How banks are putting their Facebook fans at risk

3 min Read Published: 19 Jul 2011

Earlier this month First Direct opened the doors on its new Facebook page. The associated PR was quick to point out

‘first direct was founded on the idea that we should engage with our customers in the way that they want to engage with us. 21 years ago that meant being open and on the phone 24/7, then it was Internet Banking, mobile phones, apps, twitter and now it’s via Facebook. The common factor is that it’s the people that matter, not the channel.

‘Of course social media is a challenging environment especially for old fashioned banking organisations who are having to break down the barriers to conversation, but in the end we find that the more we can interact with our customers the more we are able to build trust between both parties.’

On the surface of it this seems like a great idea. For once a bank is trying to connect to their customers in a way that is more relevant to them. So I should be backing this initiative, Right?


This initiative shows little appreciation or understanding of how people interact with Facebook, and more crucially, what information they share. At the time of writing the First Direct page has 1601 fans whom it can reasonably be assumed are all current customers of First Direct. Why else would you "like" a bank on Facebook?

And that's where the guess work ends.

All of these fans have various amounts of personal profile information freely available to the public. After quick five minute browse I found people who were sharing a huge amount of personal information with the world including:

  • Full Name
  • Date of Birth
  • Place of Birth
  • Town currently living in
  • Schools attended
  • Higher Education attended
  • Marital Status (and who they are married to)
  • Favourite Films
  • Favourite Songs
  • Other general interests

Can you see where I am going with this?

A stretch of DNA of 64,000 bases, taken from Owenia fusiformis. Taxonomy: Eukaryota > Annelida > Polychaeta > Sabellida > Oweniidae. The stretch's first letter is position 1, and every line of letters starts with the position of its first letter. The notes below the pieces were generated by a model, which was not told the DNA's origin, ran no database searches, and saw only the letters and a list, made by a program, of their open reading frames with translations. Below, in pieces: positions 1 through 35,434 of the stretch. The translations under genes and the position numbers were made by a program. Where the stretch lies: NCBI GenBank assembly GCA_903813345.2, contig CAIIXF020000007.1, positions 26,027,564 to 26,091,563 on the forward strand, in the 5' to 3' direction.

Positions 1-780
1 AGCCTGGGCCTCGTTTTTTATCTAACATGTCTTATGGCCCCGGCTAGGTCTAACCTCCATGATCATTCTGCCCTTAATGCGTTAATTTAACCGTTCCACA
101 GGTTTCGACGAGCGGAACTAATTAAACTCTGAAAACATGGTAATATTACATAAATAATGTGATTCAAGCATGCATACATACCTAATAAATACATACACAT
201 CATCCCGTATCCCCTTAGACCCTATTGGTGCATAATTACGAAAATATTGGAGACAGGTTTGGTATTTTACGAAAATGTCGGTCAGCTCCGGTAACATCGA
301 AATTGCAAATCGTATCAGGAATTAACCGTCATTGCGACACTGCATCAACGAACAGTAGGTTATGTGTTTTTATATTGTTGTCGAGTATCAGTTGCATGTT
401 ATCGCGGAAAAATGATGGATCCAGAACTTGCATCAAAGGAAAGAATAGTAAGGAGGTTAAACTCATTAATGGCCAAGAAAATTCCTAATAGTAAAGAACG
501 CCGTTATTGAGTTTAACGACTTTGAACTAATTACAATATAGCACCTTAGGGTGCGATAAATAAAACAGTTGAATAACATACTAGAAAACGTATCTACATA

All of that information is available without me even looking at a single status update which can also contain a wealth of information (and nonsense).

Every one of the above bits of information are common security questions on many banking services - including First Direct.

Well that's not the bank's fault is it?

No its not but they should recognise the risk they are exposing their customers to when entering a social platform where their customers personal data can be easily viewed directly by clicking on their names in the First Direct Facebook wall.

The page immediately states that customers shouldn't talk about personal bank details or ask account related questions in public. So really what's the point in the page? Does anyone really want to talk to their bank about the latest episode of The Apprentice?

So banks shouldn't use social media?

No, I believe the complete opposite. Banks need to embrace whatever media is relevant to their business and their customers. Twitter would seem the most logical service to concentrate efforts on given its growth and history of brand and customer interactions. More importantly by following First Direct on twitter my profile will not allow all of the information above (Twitter's user profile is less detailed) to be accessed directly from a central page.

Are the potential risks that bad?

If you think I'm being a tad over the top when explaining the potential risks then think again. Two years ago a friend was on holiday in Portugal and put her passport and purse in her room's safe before going out to dinner. When she returned she found someone had broken into the hotel room and literally ripped the safe out of the wardrobe and stolen it. She immediately contacted her bank to tell them of the crime.

She was subsequently informed that the thief had withdrawn hundreds of pounds from her account and must have guessed her pin number by entering her year of birth from her passport.

At first the bank refused to refund her the money saying she had ignored advice about pin numbers and had stored her card alongside her passport and therefore she was to blame. So is electronically storing your personal data alongside that of the relevant bank any different?

After all if fraudsters will raid your rubbish bin looking for scraps of personal information that they can use to steal your identity or money then the internet has just made their job that bit easier.

So Mrs XX of from Saint Albans, who now lives in Lichfield, was employed at Housing Plus Group - Sept 1997 to June 2011, Bromford Housing Group - Jan 1992 to August 1997, Shelter- Oct 1991 to Dec 1991, went to school at, Francis Bacon School.

I'm going to hazard a guess that any pin or passcode on your First Direct account is 1969 - the year you were born.


Ok how about 0707 - your wedding anniversary.

(Real example - name removed).

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